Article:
TLS&S Attorneys Eric D. Suben and Innessa S. Melamed successfully obtained dismissal of a contribution action against Arch Specialty Insurance Company based on late notice of the underlying occurrence and suit. Illinois National sought contribution for an underlying settlement it paid on behalf of its insured, an additional inured under the Arch policy.
TLS&S moved to dismiss the action on the grounds that the contribution action constituted Arch’s first notice of the underlying occurrence and suit and was not received until two and a half years after the underlying incident. Under New York law as applicable to the Arch policy, such late notice is an absolute defense to coverage. Moreover, as a defending insurer in the underlying personal injury lawsuit, Illinois National had the means at its disposal to obtain other insurance information at any time it chose. In opposition, Illinois National argued that it was not aware of the Arch policy until shortly before giving notice of the underlying occurrence and suit. Although Illinois National submitted affidavits from its claims professional and appointed defense counsel stating that they were not “made aware of” the Arch policy until shortly before giving notice, TLS&S attorneys replied that the affidavits were insufficient to defeat the motion, as they did not set forth any affirmative steps taken by Illinois National to identify other insurance.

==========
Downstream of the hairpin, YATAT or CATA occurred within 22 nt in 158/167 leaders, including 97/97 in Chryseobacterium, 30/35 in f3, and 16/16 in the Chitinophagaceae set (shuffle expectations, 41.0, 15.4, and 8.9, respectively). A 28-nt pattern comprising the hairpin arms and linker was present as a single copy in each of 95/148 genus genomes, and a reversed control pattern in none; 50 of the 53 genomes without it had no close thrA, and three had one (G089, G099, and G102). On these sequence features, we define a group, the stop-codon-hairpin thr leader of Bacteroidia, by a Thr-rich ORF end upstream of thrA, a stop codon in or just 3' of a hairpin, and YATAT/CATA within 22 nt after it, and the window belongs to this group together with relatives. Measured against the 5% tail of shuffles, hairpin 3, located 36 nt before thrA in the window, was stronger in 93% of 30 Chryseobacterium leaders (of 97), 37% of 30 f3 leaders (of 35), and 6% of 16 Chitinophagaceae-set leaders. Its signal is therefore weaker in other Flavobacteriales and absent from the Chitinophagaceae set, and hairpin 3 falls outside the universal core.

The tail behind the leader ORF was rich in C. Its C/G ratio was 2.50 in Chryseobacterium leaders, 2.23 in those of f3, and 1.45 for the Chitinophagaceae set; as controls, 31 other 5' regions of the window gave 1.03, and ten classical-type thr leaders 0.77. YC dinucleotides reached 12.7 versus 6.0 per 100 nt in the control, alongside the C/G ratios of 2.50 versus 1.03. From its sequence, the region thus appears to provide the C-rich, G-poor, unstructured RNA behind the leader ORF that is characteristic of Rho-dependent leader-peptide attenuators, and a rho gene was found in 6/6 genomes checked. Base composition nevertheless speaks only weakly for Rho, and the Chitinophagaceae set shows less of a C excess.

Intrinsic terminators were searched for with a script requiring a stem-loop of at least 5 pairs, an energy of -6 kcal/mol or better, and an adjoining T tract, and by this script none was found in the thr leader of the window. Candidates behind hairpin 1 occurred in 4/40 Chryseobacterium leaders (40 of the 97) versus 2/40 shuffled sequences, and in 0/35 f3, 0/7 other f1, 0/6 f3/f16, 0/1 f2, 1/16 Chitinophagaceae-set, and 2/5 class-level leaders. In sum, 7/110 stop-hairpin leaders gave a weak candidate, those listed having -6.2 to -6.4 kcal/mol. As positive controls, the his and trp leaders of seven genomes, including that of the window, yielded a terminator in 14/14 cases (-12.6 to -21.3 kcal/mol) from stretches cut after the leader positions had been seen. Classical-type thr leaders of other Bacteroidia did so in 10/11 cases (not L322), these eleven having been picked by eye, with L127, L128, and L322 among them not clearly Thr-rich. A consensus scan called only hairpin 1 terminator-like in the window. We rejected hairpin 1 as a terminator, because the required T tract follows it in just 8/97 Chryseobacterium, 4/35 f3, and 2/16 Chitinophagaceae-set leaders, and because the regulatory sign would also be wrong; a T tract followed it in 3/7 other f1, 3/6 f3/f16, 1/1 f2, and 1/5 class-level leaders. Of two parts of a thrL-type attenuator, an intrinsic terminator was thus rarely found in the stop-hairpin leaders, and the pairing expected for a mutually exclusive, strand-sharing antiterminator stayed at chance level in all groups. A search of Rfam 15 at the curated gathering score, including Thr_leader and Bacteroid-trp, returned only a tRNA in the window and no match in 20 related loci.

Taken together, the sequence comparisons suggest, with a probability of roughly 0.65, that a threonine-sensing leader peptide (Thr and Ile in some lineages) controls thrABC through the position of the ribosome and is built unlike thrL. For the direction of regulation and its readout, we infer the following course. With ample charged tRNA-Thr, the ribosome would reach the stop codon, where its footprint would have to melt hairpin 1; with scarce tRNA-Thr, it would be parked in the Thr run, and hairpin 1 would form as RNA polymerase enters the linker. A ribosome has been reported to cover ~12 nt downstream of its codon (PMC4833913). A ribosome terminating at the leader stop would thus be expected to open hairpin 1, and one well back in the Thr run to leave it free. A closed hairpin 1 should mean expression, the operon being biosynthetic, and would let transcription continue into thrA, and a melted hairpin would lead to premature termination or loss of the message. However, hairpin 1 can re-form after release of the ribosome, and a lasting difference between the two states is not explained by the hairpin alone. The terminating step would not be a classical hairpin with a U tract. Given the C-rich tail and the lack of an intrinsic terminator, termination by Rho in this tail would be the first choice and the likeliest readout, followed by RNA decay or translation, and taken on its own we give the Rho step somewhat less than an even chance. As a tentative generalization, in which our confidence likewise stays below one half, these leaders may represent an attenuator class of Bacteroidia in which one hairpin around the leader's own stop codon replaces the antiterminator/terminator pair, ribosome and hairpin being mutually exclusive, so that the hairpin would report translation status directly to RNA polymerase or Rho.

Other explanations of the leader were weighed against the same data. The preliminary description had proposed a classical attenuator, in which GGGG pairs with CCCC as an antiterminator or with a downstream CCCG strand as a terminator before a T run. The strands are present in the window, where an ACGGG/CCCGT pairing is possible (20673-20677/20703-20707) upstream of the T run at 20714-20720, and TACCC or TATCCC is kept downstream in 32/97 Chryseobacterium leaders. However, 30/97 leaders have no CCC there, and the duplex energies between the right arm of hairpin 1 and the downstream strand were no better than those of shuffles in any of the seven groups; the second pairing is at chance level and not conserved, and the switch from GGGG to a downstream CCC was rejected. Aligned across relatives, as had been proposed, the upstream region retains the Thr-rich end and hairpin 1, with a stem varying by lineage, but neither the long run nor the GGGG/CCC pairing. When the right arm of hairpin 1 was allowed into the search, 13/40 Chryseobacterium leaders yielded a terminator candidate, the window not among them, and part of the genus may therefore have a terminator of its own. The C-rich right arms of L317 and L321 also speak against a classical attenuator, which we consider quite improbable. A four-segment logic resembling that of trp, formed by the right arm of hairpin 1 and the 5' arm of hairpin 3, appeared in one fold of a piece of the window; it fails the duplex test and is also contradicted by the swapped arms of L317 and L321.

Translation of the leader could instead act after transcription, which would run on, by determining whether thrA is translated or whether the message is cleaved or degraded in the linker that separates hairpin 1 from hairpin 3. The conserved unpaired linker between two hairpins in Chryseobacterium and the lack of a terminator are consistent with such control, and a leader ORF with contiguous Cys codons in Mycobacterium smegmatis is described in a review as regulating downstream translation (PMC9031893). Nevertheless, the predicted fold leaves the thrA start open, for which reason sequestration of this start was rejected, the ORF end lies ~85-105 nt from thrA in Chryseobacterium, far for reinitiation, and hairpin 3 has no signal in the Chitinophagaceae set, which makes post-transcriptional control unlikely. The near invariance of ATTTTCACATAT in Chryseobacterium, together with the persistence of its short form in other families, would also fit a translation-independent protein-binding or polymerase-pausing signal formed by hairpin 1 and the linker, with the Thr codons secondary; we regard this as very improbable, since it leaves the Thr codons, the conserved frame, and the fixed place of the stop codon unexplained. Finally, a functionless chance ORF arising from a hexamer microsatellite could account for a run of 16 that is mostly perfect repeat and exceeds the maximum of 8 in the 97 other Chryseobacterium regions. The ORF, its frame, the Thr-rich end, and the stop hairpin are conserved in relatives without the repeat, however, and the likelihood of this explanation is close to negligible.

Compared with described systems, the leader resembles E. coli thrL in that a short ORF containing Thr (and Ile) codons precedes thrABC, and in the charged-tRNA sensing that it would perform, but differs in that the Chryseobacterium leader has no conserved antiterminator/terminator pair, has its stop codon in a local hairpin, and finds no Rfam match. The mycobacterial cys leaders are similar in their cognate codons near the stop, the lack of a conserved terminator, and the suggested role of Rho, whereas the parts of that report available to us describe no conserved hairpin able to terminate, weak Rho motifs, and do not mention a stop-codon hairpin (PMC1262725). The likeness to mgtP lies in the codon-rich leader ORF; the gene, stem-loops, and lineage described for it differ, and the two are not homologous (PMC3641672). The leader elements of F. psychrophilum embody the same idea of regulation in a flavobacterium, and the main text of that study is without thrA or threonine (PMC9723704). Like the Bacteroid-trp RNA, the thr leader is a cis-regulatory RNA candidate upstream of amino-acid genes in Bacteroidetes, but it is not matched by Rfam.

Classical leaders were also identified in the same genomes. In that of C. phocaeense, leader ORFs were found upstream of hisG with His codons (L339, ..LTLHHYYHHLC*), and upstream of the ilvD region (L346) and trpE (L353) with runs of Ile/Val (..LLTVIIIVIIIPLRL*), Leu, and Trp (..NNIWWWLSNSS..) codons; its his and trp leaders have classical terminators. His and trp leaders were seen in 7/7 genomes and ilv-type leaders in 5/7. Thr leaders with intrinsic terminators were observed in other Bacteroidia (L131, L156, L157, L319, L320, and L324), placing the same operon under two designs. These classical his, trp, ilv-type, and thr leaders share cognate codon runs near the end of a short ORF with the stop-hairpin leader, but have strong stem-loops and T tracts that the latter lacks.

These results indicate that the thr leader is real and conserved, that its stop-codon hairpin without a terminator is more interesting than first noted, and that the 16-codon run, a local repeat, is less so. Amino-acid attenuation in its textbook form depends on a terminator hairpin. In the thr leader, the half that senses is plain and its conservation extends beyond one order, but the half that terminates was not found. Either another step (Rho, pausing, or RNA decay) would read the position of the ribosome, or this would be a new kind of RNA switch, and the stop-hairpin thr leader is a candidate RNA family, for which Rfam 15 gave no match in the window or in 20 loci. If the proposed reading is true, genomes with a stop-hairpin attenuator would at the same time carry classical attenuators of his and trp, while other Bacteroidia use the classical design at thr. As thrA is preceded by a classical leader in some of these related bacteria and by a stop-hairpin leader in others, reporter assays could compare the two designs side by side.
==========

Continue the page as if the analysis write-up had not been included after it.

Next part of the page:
The court granted TLS&S’s motion in full, dismissing the complaint because late notice of suit and occurrence vitiates coverage under the Arch policy. The Court reasoned that passively waiting to be “made aware of” the Arch policy did not discharge Illinois National’s obligation of due diligence and did not constitute a reasonable excuse for late notice.
Illinois National Ins. Co. v. Arch Specialty Ins. Co., Index No. 109278/2011, Supreme Court of the State of New York, County of New York.